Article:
James E. Breslin: On "Asphodel, That Greeny Flower, Book I"

"Asphodel, That Greeny Flower" is a rather long meditative poem, divided into three books and a coda. The poet is addressing his wife, whom he has abused through his sexual and artistic pursuits. He is approaching her one last time, reviewing their life together and asking her forgiveness. Here Williams is no longer dispersing himself into a set of objects; the "I," slowly purged from his verse in the teens, now returns in the figure of a wise old man who, while aware of loss and suffering, offers advice, hope and consolation. Old age has always held its right to its opinions and Williams is now not reluctant to state his explicitly.

. . .

[I]n "Asphodel" Williams often explains the significances of his images. After describing "the statue / of Colleoni's horse / with the thickset little man // on top / in armor / presenting a naked sword" and "the horse rampant / roused by the mare in / the Venus and Adonis," Williams comments that "these are pictures / of crude force." "Of love, abiding love // it will be telling," he says of the asphodel. As we shall see, the images in this poem are rich, fluid, complex; his comments by no means exhaust their significance. But the effect of this discursive quality is to ease the reader's movement through the verse. "It is not // a flute note either, it is the relation / of a flute note / to a drum," Williams writes in "The Orchestra." Relations here emerge as more important than discrete objects, and these relations are often articulated at the surface of the poetry. Creative activity now takes place at a "higher" level of consciousness; Williams does not take us to the edge of unconscious chaos but to a place in the mind where form and continuity become more predominant.

Williams's poetry of the 1950's thus has a more accessible surface--a fact that accounts for its greater critical popularity. Other manifestations of this loosening up are his unequivocal acceptance of romantic feeling and his dependence on personal, biographical material. In "Asphodel," emotions, like ideas, are often stated: "with fear in my heart," "I regret," "I adore," "I am tortured // and cannot rest." Moreover, these feelings are much tenderer than any Williams had previously been willing to admit to his verse.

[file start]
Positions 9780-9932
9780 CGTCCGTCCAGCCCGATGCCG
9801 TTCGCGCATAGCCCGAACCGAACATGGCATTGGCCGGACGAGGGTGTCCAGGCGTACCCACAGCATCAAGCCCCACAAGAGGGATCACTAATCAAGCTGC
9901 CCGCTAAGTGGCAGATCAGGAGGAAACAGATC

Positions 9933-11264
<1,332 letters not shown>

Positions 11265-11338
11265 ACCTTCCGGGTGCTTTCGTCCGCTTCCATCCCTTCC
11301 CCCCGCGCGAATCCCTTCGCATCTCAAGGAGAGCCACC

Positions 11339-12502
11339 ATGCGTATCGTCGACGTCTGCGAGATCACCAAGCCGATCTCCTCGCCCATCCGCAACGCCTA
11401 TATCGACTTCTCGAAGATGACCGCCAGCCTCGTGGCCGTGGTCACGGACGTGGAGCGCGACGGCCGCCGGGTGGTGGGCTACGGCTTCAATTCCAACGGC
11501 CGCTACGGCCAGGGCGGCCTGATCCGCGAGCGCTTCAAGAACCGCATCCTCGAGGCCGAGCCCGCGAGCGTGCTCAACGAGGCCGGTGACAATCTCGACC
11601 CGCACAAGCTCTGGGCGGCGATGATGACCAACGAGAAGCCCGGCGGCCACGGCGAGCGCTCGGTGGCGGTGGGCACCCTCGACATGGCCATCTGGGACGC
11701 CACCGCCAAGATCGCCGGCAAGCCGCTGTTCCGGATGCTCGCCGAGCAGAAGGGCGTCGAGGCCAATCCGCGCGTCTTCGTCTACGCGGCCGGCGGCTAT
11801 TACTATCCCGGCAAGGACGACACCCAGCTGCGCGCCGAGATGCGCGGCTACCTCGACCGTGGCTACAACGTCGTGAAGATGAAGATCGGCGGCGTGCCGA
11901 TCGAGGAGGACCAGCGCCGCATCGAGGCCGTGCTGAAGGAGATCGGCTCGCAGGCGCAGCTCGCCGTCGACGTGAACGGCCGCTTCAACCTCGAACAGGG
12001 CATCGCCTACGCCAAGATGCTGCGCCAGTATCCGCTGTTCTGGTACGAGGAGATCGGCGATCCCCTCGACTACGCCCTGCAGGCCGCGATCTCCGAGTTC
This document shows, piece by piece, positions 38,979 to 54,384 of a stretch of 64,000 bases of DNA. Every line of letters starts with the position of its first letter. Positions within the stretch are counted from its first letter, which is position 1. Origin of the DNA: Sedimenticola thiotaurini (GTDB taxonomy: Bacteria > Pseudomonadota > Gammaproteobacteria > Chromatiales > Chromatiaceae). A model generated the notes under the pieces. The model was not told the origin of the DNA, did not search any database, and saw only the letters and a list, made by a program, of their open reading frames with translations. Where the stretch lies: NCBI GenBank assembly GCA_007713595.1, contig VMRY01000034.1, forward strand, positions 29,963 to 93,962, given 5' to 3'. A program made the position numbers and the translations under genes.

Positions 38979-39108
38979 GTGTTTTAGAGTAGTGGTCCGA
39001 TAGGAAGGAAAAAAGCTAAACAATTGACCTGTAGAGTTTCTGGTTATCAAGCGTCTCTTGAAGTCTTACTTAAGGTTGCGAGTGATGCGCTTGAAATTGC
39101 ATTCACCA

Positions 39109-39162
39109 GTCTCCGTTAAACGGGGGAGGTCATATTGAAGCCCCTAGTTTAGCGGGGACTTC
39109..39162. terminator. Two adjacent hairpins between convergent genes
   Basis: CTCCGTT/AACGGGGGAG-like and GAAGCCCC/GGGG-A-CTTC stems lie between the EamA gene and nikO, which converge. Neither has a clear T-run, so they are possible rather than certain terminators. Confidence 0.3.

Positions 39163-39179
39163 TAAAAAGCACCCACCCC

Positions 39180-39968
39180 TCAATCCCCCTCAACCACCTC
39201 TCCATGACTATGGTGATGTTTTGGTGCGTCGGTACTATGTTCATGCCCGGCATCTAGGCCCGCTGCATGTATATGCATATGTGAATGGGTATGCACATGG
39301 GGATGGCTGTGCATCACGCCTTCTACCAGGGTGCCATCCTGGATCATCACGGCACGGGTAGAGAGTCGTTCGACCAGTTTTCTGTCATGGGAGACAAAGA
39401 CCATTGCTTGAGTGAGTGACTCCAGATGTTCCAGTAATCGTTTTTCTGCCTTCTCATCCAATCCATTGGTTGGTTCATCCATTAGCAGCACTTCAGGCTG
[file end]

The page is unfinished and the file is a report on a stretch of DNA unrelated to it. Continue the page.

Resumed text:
In the poem, Williams now turns to address his wife directly and remorsefully. Old, nearing death, he approaches her "perhaps for the last time." The time is winter, but this is more an internal state than a season in Rutherford--defined by the strong sense of loss, fading, and mutability with which the poem begins. "Today // I'm filled with the fading memory of those flowers / that we both loved," Williams says. He recalls first the "poor // colorless" asphodel, a flower that grows in the meadows of New Jersey, but also (he had read in Homer) along the fields in the underworld. In fact, Williams speaks at the start as if from among the dead, identifying with their groping recollection as they gaze at the asphodel: "What do I remember / that was shaped / as this thing is shaped?"--"There is something / something urgent" which he must say, but he does not want to rush it--"while I drink in / the joy of your approach, / perhaps for the last time"--and fading powers of memory make it hard to begin. There is an urgency about the very act of speech: "I dare not stop. / Listen while I talk on // against time."

. . .

He gropes for memory, for speech, for his wife's love--the three will become identified in the course of the poem--for these have the power to save him from time's push toward oblivion; they can bring him back from the realm of the dead.

At the end of Book III of "Asphodel" Williams does gain the forgiveness he seeks: "You have forgiven me / making me new again." And the asphodel becomes the appropriate symbol for this renewal of love in the poet's old age: though colorless and odorless, "little prized among the living" it is a sturdy perennial: "I have invoked the flower / in that // frail as it is / after winter's harshness / it comes again."

From William Carlos Williams: An American Artist. Copyright © 1970 by James E. Breslin.

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Criticism Overview
Title James E. Breslin: On "Asphodel, That Greeny Flower, Book I" Type of Content Criticism
Criticism Author James E. Breslin Criticism Target William Carlos Williams
Criticism Type Poet Originally Posted 19 Oct 2015
Publication Status Excerpted Criticism Publication William Carlos Williams: An American Artist
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